In the small village of Lobau along Fiji’s Queen’s Highway, Asilika Matavola, a single mother of three, stands at the forefront of a battle against an invisible foe: climate change.

The village faces relentless assaults from rising tides and coastal erosion, leaving its residents grappling with the harsh realities of environmental degradation.
Matavola, the 38-year-old Lobau Women’s Club Secretary, recalls how the river, once easily crossed by her great-grandparents, has now swelled, swallowing land and threatening homes.

“When it’s high tide, I have to carry my children to the bridge or use boats to get them to the main road for school,” she explains.

“It’s a difficult and risky journey, especially considering how far some of our children travel for education.”

The bridge that connects Lobau village and the main road. Photo: Sanjeshni Kumar/Pasifika Environews
The bridge that connects Lobau village and the main road during light rainfall. Photo: Asilika Matavola

The low-lying location of Lobau makes it especially vulnerable.

“We cannot relocate since this land was given to us under another village,” Matavola explains.

“Our village is under the jurisdiction of Tui Namosi (Provisional Chief). Any relocation decisions must go through him.”

Youths of Lobau Village. Photo: Sanjeshni Kumar/Pasifika Environews

Matavola emphasises the cultural impact of potentially losing their ancestral home.

“This land is our ancestral home,” she said. “To leave would be to sever our connection to our traditions and ancestors.”

The encroaching tides threaten not only homes and infrastructure but also the villagers’ means of sustenance.

“We used to have plenty of food,” Matavola says. “But the land we once cultivated has been eroded, leaving us with nowhere to plant and forcing us to buy food that we once grew ourselves.”

Wood rot is caused by consistent high tides. Photo: Sanjeshni Kumar/Pasifika Environews
Wood rot is caused by consistent high tides. Photo: Sanjeshni Kumar/Pasifika Environews

Despite these challenges, the women of Lobau Village remain resilient.

“We go out fishing, look after the household, and even do village work to help the men,” Matavola proudly states.

This used to be the fishing ground for the villagers of Lobau but now they venture further to find their source of food. Photo: Sanjeshni Kumar/Pasifika Environews

As a single mother, she faces the added responsibility of ensuring her family’s safety amidst these environmental uncertainties.

“It’s a tough job since my husband passed away two years ago,” she shares.“My house is near the riverbanks, and when the tide rises, water surrounds my home. It’s a constant battle to safeguard my family’s safety and well-being.”

In the face of adversity, the community looks for practical solutions. Matavola advocates for measures like dredging and building seawalls to mitigate the effects of coastal erosion and protect their homes.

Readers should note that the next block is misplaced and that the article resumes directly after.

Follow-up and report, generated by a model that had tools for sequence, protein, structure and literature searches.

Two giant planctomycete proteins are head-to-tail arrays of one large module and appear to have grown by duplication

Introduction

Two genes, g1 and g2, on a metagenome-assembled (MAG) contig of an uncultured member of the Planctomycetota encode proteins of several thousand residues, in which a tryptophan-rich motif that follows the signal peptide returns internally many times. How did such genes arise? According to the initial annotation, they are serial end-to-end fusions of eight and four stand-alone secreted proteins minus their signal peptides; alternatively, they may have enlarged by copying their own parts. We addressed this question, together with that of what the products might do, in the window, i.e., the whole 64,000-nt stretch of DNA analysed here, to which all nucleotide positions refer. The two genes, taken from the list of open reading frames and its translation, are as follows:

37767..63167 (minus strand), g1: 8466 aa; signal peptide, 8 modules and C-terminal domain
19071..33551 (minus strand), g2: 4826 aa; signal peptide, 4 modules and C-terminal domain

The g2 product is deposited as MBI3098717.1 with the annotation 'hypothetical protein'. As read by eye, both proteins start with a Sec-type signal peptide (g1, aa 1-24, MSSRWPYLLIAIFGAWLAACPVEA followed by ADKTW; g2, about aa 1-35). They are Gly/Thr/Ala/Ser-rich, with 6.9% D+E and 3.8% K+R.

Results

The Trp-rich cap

“We want to build a seawall because we cannot relocate. Dredging and building seawalls can mitigate the impact of high tides. After the seawall, we want to plant mangroves to stabilise the coastline and protect our homes,” she explains.

People of Lobau cross this wooden bridge during high tides. Photo: Sanjeshni Kumar/Pasifika Environews

Matavola underlines the importance of community support, particularly for vulnerable members like the elderly and disabled.

“We take care of each other. It’s the only way we’ve survived this long. Sometimes people get sick because of these weather changes,” she explains.

“We have to go around to see people, to check on them, and support them. It’s very difficult for my village because it’s a low-lying area.”

Photo: Sanjeshni Kumar/Pasifika Environews
Lobau Village during light rainfall. Photo: Asilika Matavola

Evacuation is a grim reality during high tides and flooding.

“When it’s high tide, the first evacuation is our priest on the highland,” Matavola shares.

“Before the government comes, the priest is our first evacuation. We prioritise people with disabilities, pregnant women, infants, and the elderly, ensuring their safety. However long-term solutions require government support and collaboration.

We’ve raised concerns to the government, but little has been done. We are still waiting for action and solutions,” Matavola states.

As Matavola and her fellow villagers await assistance, she continues to advocate for her village.

“I’m still waiting for the Turaga ni Koro (head of a village) to hear what’s happening due to climate change so that we can agree for a consultant to come and discuss what they can do for the women in the village and agree on actions to safeguard our future,” she said, stressing the ongoing struggle for recognition and action on climate change.